Holocaust Yizkor

The LOBL family
 Al Bjorn

I wish to add my grand parents to the list of
Jewish families from Lackenbach who died in the holocaust.

My grand father was Benjamin Lobl, (Loebl) D.O.B. June 21, 1889.
My grand mother was Elsa Lobl (nee Zoller) D.O.B. June 2, 1895..

They had 4 children: Helene, Hilda, Martin and Rosa (my mother).
They all were smuggled out of Nazi occupied Austria to England in 1938.
 Helene got out on her own and Hilda, Martin and Rosa were evacuated out of Austria
by the "Kinders Transport".
Martin died in the British military during the war.
Helene, Hilda and Rosa all immigrated to Canada in the early 1950's.

The following is information I obtained from the Austrian
dokumentationarchiv about the fate of my grandparents:

 "LOEBL Benno born 21. june 1889 in Lackenbach, shoemaker
LOEBL Elsa, nee Zoller, born june 1895,
last adress: Wien 2, Grosse Schiffgasse 6/4
deportation with transport 1 to Opole on 15. feb. 1941

On February 15th, 1941 and February 26th, 1941 two  deportation transports
with altogether 1962 Jewish  men, women and children on board left Vienna
Aspang  Station bound for Opole, a small town south of  Lublin.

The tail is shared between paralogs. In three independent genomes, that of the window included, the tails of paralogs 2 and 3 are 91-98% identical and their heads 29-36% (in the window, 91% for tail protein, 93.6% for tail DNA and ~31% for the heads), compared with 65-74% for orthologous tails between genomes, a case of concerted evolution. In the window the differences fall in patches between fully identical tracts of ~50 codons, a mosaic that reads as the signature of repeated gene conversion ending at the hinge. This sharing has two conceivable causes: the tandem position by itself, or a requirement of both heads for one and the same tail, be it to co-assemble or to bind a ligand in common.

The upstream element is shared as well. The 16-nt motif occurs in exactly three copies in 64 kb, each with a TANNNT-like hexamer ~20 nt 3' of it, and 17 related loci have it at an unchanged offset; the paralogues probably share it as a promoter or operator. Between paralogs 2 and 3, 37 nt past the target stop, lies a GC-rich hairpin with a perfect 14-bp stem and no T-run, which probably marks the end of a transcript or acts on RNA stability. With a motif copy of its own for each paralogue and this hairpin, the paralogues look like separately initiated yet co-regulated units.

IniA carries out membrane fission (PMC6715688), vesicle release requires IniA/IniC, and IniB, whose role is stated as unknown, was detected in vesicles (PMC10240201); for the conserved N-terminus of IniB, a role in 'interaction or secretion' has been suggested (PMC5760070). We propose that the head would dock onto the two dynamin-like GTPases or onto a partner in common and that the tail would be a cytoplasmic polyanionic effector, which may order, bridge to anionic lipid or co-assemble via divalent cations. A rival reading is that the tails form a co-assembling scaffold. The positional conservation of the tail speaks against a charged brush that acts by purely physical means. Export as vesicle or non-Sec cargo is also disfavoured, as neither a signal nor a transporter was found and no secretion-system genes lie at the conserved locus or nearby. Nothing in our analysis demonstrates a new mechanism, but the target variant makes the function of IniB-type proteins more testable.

Opole had a long established Jewish community; when  war broke out about
4000 Jews lived here, i.e. about  70 % of the population, a proportion
which rose  further after the beginning of the war, as Jews from  other
parts of Poland were forcefully resettled here.
By March 1941 about 8,000 Jews were deported to the  ghetto which had been
set up in Opole. The new  arrivals were either lodged with resident Jewish
families, or in mass accomodation, as for example in  a synagogue or in
newly erected huts.
In the ghetto itself no restriction was placed on the  freedom of movement
of the inmates, and there were no  boundary lines, yet it was forbidden on
the threat of  severe punishment to leave Opole without official permission.
Control of the ghetto was undertaken by the security service of the SS (SD), the Gendarmerie
  and also, as may be concluded from witnesses' testimony, by German army soldiers.
The inhabitants of the ghetto were largely dependant  on themselves
as far as earning a living was  concerned.
From May 1941 about 800 men capable of work were deployed as forced labour in Deblin.
The liquidation of Opole ghetto began as early as  spring 1942.
A transport to Belzec extermination camp  left on March 31st, 1942,
and deportations to Sobibor  followed in May and October 1942.
Of the 1962 Viennese Jews 28 are known to have  survived.

Daughter Helene Brooks 24. aug. 1918 survived in exile.
I hope I copuld help you,
Gisela Wibihail"

I hope you can use this information in your website.


Al Bjorn